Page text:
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Inequality is a stain everywhere, even in sports

Posted January 26, 2020 6:00 a.m. EST

— If you had to pick one word that Howard Bryant, a senior writer for ESPN.com, might use to describe the world of sports, especially in the Trump era, hostile would be a smart guess.

After all, it was in 2016 when Donald Trump, as the Republican presidential nominee, chafed at Colin Kaepernick and his protests against police violence: "Maybe he should find a country that works better for him. Let him try. It won't happen."

It was a year into Trump's presidency when the conservative television host Laura Ingraham said of LeBron James' comments on the enduring challenges of being black and American: "Shut up and dribble."

In his new book, "Full Dissidence: Notes From an Uneven Playing Field," Bryant, who's also a correspondent for NPR's "Weekend Edition," interrogates the racial aspects of this antagonistic relationship, in some ways picking up where his 2018 book, on the barbed history of the black political-athletic heritage, left off.

But in "Full Dissidence," Bryant doesn't stick solely to sports. Rather, he uses them as entry points to think more expansively about how inequality permeates our lives. Over the course of 10 trenchant essays, he covers a lot of ground: what Kaepernick's NFL banishment says about the depths of white supremacy in America, how post-9/11 militarization has taken the guise of patriotism, what celebrity culture betrays about which people are worthy of rehabilitation in the public mind.

In a recent conversation, Bryant and I parsed a few of the book's themes. The transcript that follows has been lightly edited for length and clarity.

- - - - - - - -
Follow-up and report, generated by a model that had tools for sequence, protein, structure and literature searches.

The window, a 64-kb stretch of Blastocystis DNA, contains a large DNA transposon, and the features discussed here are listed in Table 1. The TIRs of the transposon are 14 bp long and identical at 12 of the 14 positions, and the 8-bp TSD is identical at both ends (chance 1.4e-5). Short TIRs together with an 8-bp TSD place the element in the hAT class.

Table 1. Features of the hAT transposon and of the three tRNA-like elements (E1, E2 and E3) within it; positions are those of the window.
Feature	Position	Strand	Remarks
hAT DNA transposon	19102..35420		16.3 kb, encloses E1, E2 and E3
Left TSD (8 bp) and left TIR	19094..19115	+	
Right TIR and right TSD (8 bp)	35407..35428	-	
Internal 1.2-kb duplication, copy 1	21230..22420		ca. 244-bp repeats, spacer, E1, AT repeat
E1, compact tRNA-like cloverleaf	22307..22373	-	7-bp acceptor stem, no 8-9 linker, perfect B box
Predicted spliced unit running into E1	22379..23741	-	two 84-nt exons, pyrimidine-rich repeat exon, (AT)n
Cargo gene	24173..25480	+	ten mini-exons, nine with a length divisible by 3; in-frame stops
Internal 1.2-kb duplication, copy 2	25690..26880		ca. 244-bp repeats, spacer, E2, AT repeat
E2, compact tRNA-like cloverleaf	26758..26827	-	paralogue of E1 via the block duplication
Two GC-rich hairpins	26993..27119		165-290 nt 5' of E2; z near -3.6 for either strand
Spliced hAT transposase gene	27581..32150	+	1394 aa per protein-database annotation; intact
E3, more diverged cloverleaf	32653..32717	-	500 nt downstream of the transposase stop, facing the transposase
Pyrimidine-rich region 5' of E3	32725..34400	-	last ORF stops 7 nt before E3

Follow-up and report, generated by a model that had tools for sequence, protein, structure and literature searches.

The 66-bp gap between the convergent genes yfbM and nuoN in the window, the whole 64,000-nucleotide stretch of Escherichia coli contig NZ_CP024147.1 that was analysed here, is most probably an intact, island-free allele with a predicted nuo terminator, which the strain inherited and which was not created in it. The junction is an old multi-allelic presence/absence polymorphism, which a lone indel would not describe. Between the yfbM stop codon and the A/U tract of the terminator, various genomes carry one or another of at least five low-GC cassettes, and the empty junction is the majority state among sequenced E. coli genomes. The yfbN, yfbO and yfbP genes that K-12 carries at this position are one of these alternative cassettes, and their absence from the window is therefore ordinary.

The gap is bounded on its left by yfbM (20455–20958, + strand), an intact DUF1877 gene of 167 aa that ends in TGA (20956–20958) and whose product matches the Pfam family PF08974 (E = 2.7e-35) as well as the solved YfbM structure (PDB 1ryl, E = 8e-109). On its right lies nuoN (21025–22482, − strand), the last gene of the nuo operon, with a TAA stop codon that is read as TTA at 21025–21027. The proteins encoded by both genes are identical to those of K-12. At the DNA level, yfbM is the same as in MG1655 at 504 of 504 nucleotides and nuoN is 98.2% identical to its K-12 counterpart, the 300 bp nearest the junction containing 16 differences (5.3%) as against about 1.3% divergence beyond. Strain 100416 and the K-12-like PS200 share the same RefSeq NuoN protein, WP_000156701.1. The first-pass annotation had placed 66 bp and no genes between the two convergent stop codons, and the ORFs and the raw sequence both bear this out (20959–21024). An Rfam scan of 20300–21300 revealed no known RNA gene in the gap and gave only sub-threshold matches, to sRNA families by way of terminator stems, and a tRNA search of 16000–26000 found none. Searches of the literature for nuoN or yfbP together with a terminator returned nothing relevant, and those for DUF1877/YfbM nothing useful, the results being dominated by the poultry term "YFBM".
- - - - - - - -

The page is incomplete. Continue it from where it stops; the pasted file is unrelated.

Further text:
Why did you decide to write a collection of essays about cultural and political dissidence largely through the prism of sports?

I'd always had it in mind to write essays about what's happening in sports. That's because I got really frustrated with the notion over the past several years -- especially following the shooting of Trayvon Martin (in 2012) and the unrest in Ferguson (in 2014) -- that sports are politically neutral. I understand the cliché that sports are an escape. But politically neutral? Not only did that idea annoy me -- it's completely false.

Sports fans are in many ways actually hostile when you think about their reactions to Colin Kaepernick or Muhammad Ali or Tommie Smith or John Carlos or anybody who took on any form of political protest in sports. It wasn't neutral. It was hostile.

And this relationship gets at the question: If these black athletes are so powerful, why are they risking losing everything? Maybe they don't have that much power after all. Maybe we're equating money with power when they're not the same thing. Having power would mean that you can speak your mind and not be blackballed.

I wanted to explore that dynamic because when you look at the NFL and beyond, the sanctions you receive for your blackness or for taking on a black position are becoming harsher and harsher. So what does that really say about the position of the black athlete?